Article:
Yum! Salisbury mistakes
Cold, Hard Football Facts for Aug 14, 2005
We feel bad for ESPN "pundit" and former NFL quarterback Sean Salisbury, who recently released his list of the league's top 10 offensive players.
We feel bad for him because, as far as we can tell, Salisbury was forced by ESPN management to create this list against his will and better judgment. After all, how do you explain it when a "pundit" sticks a pigskin pitchfork through his own reputation and then jumps up and down on its limp, bloody carcass, squeezing out every last oozing ounce of credibility? Clearly, he was under orders from a higher power to create a list that was strong on hype and controversy yet weak on credibility and Cold, Hard Football Facts.
Michael Vick, for example, landed at No. 7 on the list. Salisbury described the Atlanta quarterback as "the ultimate weapon in the NFL." That's funny. We looked at the Cold, Hard Football Facts and found that "the ultimate weapon" has all the firepower of a dime-store bottle rocket. In fact, in a four-year career, Vick has accounted for just 49 touchdowns. It's solid, yes, but hardly worthy of the hyperbolic praise "ultimate weapon" or a spot on the list of top 10 offensive players in the NFL.
Salisbury's credibility apparently tripped over upper management diktat and the years of ESPN-generated Vick hype we've been forced to endure since the quarterback came out of Virginia Tech in 2001. The hype, put most simply, is out of all proportion to Vick's actual performances on the field. Yes, Vick is one of the most thrilling players in football. But that excitement masks actual onfield production which can only aspire to be mediocre some day.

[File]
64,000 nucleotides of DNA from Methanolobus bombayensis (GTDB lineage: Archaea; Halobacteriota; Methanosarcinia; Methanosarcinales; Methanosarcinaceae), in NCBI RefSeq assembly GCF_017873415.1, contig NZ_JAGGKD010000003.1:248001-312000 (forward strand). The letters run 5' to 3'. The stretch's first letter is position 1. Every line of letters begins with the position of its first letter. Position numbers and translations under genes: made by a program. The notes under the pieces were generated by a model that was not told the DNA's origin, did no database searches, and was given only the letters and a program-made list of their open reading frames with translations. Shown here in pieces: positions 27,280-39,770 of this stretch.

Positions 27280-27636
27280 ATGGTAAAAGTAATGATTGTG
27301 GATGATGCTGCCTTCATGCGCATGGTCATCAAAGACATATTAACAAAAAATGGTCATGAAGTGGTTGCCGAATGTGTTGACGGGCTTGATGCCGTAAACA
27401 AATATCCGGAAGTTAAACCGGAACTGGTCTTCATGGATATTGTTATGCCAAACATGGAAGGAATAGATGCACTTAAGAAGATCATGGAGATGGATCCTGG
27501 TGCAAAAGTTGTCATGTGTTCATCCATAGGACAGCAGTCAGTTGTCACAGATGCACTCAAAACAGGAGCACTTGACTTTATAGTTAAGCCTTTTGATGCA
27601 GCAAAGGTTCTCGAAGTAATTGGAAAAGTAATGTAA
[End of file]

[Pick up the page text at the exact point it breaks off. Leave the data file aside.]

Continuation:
For example, 23 QBs tossed more touchdown passes than Vick (14) last year. Twenty-five quarterbacks passed for more yardage than Vick (2,313) – including Arizona's Josh McCown and Tennessee's Billy Volek, who started just eight games in 2004.
But wait a minute, Cold, Hard Football Facts dude, you're forgetting that Vick is one of the most feared ballcarriers in the NFL. Yes, he is. But even if we include his three TD runs (count 'em, 3), it turns out that 20 quarterbacks last year accounted for more trips to the end zone than Vick did both rushing and passing (17 total). Even aging warhorse Vinny Testaverde – now out of football – got the ball in the end zone more often than "the ultimate weapon" (17 TD passes, 1 TD run) in 2004.
If we look at receivers and running backs, we find that 22 players, including running backs Shaun Alexander and LaDanian Tomlinson, put the ball in the end zone more often last year than Salisbury's "ultimate weapon."
And what about total yardage? Vick must be near the top of the list. After all, as Salisbury pointed out, he's a threat "with his legs and his arm." Well, Vick passed for 2,313 yards and ran for 902 – that's a total of 3,215 yards of offense last year. Sixteen quarterbacks, including players like Joey Harrington, who's in danger of losing his job in Detroit, accounted for more yards of offense than Salisbury's "ultimate weapon."
To recount Vick's place in the NFL offensive hierarchy last year:
- 23 quarterbacks passed for more TDs
- 25 quarterbacks passed for more yardage
- 20 quarterbacks passed and ran for more TDs
- 22 offensive players put the ball in the end zone more often
- 16 quarterbacks accounted for more yards of offense
But we're not even sure Vick's inclusion on the list was the worst of Salisbury's mistakes. Of course, you know our default position: any list that that puts the Picasso of Choke Artists, Peyton Manning, ahead of transcendent postseason performer Tom Brady is automatically invalid. Brady is No. 10 on Salisbury's list. Manning is No. 1.
Apparently, Salisbury has chosen to follow the Pete Prisco path of pigskin analysis, walking into a stone wall of Cold, Hard Football Facts that refute his hypothesis and opting to simply ignore them. Salisbury's top offensive weapon in the NFL has posted a Craig Krenzel-esque 55.4 passer rating in five playoff losses. Apparently, Salisbury doesn't watch playoff football.
Salisbury was lavish in his praise of Brady, saying that no quarterback since Joe Montana "has more poise" and adding that "I don't think his championship run is done." In other words, Salisbury believes Brady will become just the third quarterback to win four Super Bowls, or perhaps the first to win five. Still, he doesn't merit the lofty ranking of the most overhyped player in sports or the most inconsistent postseason performer in NFL history.
Other than that, it was a nice job.
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